Charing Cross Theatre, London – until 28 May 2022
Guest reviewer: Hope Priddle
Last seen in London in 2008, Zorro is back and ready to bring a taste of Spain to the Charing Cross Theatre. Set to a legendary soundtrack by the Gipsy Kings, this sizzling show follows the mysterious masked vigilante El Zorro in his efforts to defend the Pueblo of Los Angeles from a ruthless autocratic leader. Written by Stephen Clarke and Helen Edmundson, the book is pacey and exhilarating. Whilst drama and action undeniably motivate this production, it really shines in the quiet moments of passion and pathos between our central lovers.
Ben Purkiss is perfectly cast in the titular role. He is utterly endearing as the charismatic and courageous Diego, but he transforms into the suave crusader with ease.
Alex Gibson-Giorgio gives an accomplished performance as the tormented tyrant, and Diego’s estranged brother, Ramon. Gibson-Giorgio masterfully conveys Ramon’s internal conflict, inviting sympathy despite his character’s irredeemable actions.
Special mention must go to Marc Pickering as Garcia, who is tremendous as our comedic antagonist. Not only does he play the fool, but his character has real heart and displays a truly rewarding arc.
Despite its name, this production is all about its women. Phoebe Panaretos is a complete tour-de-force as the sensual, strong-willed Gyspy queen Inez. Her voice is rich and full-bodied, stealing the showing on more than one occasion. Panaretos leads a rousing rendition of Bamboleo at the end of Act One, captivating her audience in every way possible.
Paige Fenlon is similarly exquisite as Diego’s childhood friend Louisa. Louisa may appear innocent on first introduction, but a fire quickly ignites inside of her as she leads the Pueblo uprising. Fenlon’s heavenly vocals soar as her character finds her voice.
Panaretos and Fenlon are supported by a searing female ensemble who truly are the lifeblood of this production. Their vital choreography and visceral harmonious drive the action forward. During Libertad, the ensemble cries sympathetically as one, moving as a single pulsating body under sanguine lighting designed by Matthew Haskins.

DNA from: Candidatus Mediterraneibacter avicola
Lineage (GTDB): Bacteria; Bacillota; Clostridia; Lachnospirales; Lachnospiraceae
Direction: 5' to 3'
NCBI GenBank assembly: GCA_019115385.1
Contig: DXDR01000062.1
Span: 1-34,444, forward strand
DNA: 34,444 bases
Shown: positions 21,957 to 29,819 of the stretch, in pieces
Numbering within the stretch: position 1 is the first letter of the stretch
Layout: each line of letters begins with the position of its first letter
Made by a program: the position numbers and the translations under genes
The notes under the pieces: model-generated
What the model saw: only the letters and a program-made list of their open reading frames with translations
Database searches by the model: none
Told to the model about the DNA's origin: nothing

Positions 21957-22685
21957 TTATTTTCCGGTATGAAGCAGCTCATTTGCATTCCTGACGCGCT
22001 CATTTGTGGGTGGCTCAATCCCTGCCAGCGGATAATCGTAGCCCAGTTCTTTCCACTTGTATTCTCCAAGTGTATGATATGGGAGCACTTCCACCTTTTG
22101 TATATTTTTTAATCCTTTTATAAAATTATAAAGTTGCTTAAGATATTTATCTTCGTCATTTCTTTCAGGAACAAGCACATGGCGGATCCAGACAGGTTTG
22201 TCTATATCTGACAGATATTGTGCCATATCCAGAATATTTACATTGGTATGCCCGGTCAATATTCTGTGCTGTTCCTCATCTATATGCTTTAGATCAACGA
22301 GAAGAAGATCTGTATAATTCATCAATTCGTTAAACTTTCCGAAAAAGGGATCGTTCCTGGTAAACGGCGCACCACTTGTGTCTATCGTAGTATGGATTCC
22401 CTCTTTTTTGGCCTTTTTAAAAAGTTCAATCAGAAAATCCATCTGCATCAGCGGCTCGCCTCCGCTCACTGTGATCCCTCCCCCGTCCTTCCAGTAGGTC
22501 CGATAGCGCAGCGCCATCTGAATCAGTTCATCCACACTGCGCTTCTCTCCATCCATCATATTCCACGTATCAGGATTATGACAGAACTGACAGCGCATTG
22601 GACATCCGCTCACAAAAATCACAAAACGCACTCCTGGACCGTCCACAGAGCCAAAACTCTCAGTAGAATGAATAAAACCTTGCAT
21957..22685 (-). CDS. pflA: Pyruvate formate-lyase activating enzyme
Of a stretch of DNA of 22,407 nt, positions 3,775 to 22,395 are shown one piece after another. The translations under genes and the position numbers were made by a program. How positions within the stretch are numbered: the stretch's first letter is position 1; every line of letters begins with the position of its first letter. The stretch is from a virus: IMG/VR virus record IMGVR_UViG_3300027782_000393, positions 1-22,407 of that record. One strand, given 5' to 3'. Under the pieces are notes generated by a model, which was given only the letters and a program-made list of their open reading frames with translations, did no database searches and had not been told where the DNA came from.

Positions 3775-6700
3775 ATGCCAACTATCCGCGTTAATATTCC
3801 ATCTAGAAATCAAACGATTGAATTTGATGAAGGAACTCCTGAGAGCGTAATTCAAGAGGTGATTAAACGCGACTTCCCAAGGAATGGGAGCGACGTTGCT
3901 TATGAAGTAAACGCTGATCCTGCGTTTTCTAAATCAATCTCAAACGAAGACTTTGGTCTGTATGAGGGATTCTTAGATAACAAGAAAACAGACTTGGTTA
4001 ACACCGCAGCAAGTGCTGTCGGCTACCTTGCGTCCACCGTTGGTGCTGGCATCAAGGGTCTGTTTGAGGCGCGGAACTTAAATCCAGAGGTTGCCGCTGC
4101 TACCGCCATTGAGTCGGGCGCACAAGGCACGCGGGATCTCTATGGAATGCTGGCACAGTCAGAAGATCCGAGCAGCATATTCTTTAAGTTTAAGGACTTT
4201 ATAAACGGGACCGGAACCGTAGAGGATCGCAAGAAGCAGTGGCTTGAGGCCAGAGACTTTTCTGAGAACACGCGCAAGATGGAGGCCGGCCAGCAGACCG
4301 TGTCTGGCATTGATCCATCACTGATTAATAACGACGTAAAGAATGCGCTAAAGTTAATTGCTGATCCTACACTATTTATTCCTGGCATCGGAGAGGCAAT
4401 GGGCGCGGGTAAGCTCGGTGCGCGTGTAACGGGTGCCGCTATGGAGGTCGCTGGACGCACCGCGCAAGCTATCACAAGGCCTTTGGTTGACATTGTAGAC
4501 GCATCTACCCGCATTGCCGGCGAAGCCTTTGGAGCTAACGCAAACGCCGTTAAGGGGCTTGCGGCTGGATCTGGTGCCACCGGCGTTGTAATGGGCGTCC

Creative elements work in harmony to create a production which is immersive and evocative. The traverse staging, admittedly typical of productions at this venue, works to enclose the Pueblo and create a homely, intimate feel. Set and Costume Designer Rosa Maggiora does a tremendous job of world building. A multi-levelled set elevates the action, whilst aisles and doorways are used effectively for either flamboyant or stealthy entrances and exits. An actor-muso approach greatly compliments this production. Talented ensemble members play classical guitar and trumpets, recreating the sounds of 19th Century California. Moreover, the very stage itself becomes an instrument, integral as brass or string. As the cast stamp and stomp across the floor, they ‘play’ the boards and percussive sound fills the rafters.
With thrilling stage combat (Renny Krupinski) and impactful flamenco routines (Cressida Carre) led by the commanding Ajjaz Awad, this dynamic production is packed full of colour, texture and noise. It fully embraces its audience, sweeping them up into the spirited world of Spanish Gypsies and swashbuckling heroes.
photo credit: Pamela Raith
‘A dynamic production packed full of colour, texture & noise’: @RewriteThisWeb on @ZorroMusicalUK at @CharingCrossThr. ★★★★★ #musicals #theatrereviews #ZorroMusical #GypsyKings